Helliconia Summer

Front Cover
Ibooks, Aug 1, 2002 - Fiction - 416 pages
10 Reviews
A planet orbiting binary suns, Helliconia has a Great Year spanning three millennia of Earth time: cultures are born in spring, flourish in summer, then die with the onset of the generations-long winter.

It is the summer of the Great Year on Helliconia. The humans are involved with their own affairs. Their old enemies, the phagors, are comparatively docile at this time of year, yet they can afford to wait, to take advantage of human weakness?and the king's weakness. How they do so brings to a climax this powerfully compelling novel, in which the tortuous unwindings of circumstance enmesh royalty and commoners alike, and involve the Helliconia continents.

This is the second volume of the Helliconia Trilogy?a monumental saga that goes beyond anything yet created by this master among today's imaginative writers.

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Review: Helliconia Summer (Helliconia #2)

User Review  - Goodreads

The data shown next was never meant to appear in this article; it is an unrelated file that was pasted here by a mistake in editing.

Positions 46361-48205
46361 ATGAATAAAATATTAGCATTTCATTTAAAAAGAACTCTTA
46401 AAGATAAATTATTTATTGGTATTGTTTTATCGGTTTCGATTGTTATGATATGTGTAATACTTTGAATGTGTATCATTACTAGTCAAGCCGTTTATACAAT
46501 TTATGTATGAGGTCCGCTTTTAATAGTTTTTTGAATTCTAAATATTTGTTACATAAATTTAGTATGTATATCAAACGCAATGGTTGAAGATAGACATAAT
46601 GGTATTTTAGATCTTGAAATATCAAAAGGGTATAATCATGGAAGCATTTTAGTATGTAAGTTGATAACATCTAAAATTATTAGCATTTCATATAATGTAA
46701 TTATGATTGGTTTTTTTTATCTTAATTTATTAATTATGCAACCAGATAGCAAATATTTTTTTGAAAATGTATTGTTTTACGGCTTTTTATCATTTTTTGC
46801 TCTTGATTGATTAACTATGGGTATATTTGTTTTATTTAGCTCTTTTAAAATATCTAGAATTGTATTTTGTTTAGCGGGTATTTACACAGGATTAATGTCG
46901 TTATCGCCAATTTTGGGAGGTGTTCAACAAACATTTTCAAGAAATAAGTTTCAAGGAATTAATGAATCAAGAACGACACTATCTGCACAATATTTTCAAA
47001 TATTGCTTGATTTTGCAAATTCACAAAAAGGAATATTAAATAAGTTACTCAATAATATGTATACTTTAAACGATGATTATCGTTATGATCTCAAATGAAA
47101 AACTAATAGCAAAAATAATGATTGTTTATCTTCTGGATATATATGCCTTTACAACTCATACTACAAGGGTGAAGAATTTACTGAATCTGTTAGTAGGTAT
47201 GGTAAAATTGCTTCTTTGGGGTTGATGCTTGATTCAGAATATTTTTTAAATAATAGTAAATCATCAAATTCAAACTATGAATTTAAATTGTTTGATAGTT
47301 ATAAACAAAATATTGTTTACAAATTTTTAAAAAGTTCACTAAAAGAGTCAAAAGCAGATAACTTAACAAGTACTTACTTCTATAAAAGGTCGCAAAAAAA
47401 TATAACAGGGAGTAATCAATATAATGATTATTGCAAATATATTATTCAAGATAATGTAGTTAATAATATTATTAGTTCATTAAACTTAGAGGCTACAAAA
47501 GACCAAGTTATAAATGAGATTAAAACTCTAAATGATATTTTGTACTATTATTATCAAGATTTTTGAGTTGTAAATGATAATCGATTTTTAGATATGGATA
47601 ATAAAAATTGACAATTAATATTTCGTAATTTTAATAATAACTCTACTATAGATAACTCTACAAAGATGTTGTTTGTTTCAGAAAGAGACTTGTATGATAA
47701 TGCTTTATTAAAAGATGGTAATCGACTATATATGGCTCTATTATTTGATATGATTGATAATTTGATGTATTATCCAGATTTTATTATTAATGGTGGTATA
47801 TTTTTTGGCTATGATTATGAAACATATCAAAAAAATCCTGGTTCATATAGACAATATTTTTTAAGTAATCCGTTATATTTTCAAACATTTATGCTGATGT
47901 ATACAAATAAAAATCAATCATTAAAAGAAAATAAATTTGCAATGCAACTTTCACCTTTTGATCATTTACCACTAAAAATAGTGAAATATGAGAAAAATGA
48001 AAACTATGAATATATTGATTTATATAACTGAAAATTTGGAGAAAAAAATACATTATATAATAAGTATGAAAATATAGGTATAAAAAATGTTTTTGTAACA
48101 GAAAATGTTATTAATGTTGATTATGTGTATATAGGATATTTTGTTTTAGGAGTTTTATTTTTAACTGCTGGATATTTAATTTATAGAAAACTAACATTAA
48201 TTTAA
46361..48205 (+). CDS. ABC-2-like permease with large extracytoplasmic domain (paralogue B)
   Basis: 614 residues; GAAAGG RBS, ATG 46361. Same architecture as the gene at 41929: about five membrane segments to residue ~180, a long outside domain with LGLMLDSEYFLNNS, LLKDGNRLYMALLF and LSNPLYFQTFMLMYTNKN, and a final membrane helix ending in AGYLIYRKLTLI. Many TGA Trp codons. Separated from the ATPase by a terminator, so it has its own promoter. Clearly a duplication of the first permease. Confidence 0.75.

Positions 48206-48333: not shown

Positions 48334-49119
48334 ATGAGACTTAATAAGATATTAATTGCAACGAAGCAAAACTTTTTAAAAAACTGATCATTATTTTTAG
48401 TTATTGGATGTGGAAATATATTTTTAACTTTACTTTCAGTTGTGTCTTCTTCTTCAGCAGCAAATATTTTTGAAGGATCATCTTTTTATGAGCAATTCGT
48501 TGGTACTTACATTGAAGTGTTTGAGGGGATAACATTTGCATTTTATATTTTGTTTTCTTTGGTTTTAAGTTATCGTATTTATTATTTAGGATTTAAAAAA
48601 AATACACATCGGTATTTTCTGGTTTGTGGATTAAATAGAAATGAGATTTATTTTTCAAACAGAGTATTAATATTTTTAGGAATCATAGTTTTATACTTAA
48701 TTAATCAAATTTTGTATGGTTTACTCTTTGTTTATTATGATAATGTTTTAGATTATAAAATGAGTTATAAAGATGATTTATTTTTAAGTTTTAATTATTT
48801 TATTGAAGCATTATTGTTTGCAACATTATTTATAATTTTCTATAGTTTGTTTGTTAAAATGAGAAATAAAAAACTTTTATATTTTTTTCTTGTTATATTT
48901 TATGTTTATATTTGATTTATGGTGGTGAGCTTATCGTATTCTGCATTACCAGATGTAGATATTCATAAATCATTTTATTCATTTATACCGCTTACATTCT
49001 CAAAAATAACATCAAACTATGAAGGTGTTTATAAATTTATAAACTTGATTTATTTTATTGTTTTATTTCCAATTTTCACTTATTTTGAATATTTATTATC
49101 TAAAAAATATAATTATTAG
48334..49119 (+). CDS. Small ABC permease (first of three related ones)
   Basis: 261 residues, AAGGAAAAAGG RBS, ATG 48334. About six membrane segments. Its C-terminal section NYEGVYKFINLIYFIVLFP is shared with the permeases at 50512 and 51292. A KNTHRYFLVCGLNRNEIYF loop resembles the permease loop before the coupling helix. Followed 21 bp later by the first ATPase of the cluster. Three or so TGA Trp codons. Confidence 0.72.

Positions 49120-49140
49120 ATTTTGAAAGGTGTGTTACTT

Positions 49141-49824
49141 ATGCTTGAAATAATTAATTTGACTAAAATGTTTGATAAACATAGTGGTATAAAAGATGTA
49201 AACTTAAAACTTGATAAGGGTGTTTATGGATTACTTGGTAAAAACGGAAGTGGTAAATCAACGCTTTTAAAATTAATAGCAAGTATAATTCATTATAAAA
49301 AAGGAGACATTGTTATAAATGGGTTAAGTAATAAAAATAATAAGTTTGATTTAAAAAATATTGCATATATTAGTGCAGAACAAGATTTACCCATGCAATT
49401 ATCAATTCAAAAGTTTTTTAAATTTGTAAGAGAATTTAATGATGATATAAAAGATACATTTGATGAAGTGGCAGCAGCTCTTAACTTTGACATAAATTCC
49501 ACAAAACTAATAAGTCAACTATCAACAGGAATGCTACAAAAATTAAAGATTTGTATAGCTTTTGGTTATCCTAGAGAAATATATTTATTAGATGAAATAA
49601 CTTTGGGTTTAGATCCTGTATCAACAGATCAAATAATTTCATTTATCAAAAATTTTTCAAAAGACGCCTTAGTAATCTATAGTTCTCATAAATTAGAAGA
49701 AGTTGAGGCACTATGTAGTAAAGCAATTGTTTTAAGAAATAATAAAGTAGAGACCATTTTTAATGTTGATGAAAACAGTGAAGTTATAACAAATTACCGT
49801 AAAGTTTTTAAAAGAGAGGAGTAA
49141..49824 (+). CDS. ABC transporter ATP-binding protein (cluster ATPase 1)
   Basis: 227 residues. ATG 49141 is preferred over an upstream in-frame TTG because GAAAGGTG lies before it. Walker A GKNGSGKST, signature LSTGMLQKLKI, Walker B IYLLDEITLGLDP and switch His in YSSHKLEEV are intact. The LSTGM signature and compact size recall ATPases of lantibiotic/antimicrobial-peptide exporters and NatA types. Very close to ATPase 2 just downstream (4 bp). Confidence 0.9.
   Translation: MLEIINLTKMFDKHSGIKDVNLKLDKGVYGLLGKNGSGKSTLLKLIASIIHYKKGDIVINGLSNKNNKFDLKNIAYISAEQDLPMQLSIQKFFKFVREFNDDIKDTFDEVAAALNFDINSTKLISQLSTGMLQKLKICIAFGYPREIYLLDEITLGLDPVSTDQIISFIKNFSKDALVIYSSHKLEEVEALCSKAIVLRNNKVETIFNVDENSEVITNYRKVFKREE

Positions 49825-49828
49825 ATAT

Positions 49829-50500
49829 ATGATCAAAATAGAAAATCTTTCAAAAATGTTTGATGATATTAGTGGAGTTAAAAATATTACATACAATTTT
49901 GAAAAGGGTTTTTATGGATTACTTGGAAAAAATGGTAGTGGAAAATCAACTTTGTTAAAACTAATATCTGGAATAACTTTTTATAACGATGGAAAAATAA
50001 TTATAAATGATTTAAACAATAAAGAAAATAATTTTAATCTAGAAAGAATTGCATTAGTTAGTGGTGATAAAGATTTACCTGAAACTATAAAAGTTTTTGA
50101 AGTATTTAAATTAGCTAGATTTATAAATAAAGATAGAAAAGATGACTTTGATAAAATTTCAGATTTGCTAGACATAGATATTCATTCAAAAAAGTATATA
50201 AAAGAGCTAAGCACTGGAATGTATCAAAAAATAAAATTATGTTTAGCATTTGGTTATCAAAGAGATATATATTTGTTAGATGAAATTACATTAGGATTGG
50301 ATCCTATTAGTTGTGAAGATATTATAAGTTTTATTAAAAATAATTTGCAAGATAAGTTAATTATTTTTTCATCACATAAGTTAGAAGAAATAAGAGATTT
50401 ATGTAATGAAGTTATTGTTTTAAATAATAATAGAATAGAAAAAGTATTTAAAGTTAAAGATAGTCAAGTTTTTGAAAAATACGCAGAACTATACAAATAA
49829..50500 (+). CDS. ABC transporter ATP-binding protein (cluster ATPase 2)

If you can get passed the sheer volume of this trilogy you'll find a well thought through universe that Aldiss has clearly put a lot of thought into. Sadly for me this didn't really get going until ... Read full review

Review: Helliconia Summer (Helliconia #2)

User Review  - Goodreads

This is a series that has haunted me ever since I read it. Read full review

About the author (2002)

Brian W. Aldiss was born in East Dereham, Norfolk on August 18, 1925. In 1943, he joined the Royal Signals regiment, and saw action in Burma. After World War II, he worked as a bookseller at Oxford University. His first book, The Brightfount Diaries, was published in 1955. His first science fiction novel, Non-Stop (Starship in the United States), was published in 1958. His other works include Hothouse, The Helliconia Trilogy, The Squire Quartet, Frankenstein Unbound, The Malacia Tapestry, Walcot, and Mortal Morning. His short story Super-Toys Last All Summer Long was the basis for the film A.I. Artificial Intelligence. He has received numerous awards for his work including two Hugo Awards, the Nebula Award, and the John W. Campbell Memorial Award. He is also an anthologist and an artist. He has edited numerous works including Introducing SF, The Penguin Science Fiction Omnibus, Space Opera, Space Odysseys, Galactic Empires, Evil Earths, and Perilous Planets. He is an abstract artist and his first solo exhibition, The Other Hemisphere, was held in Oxford in August-September 2010.

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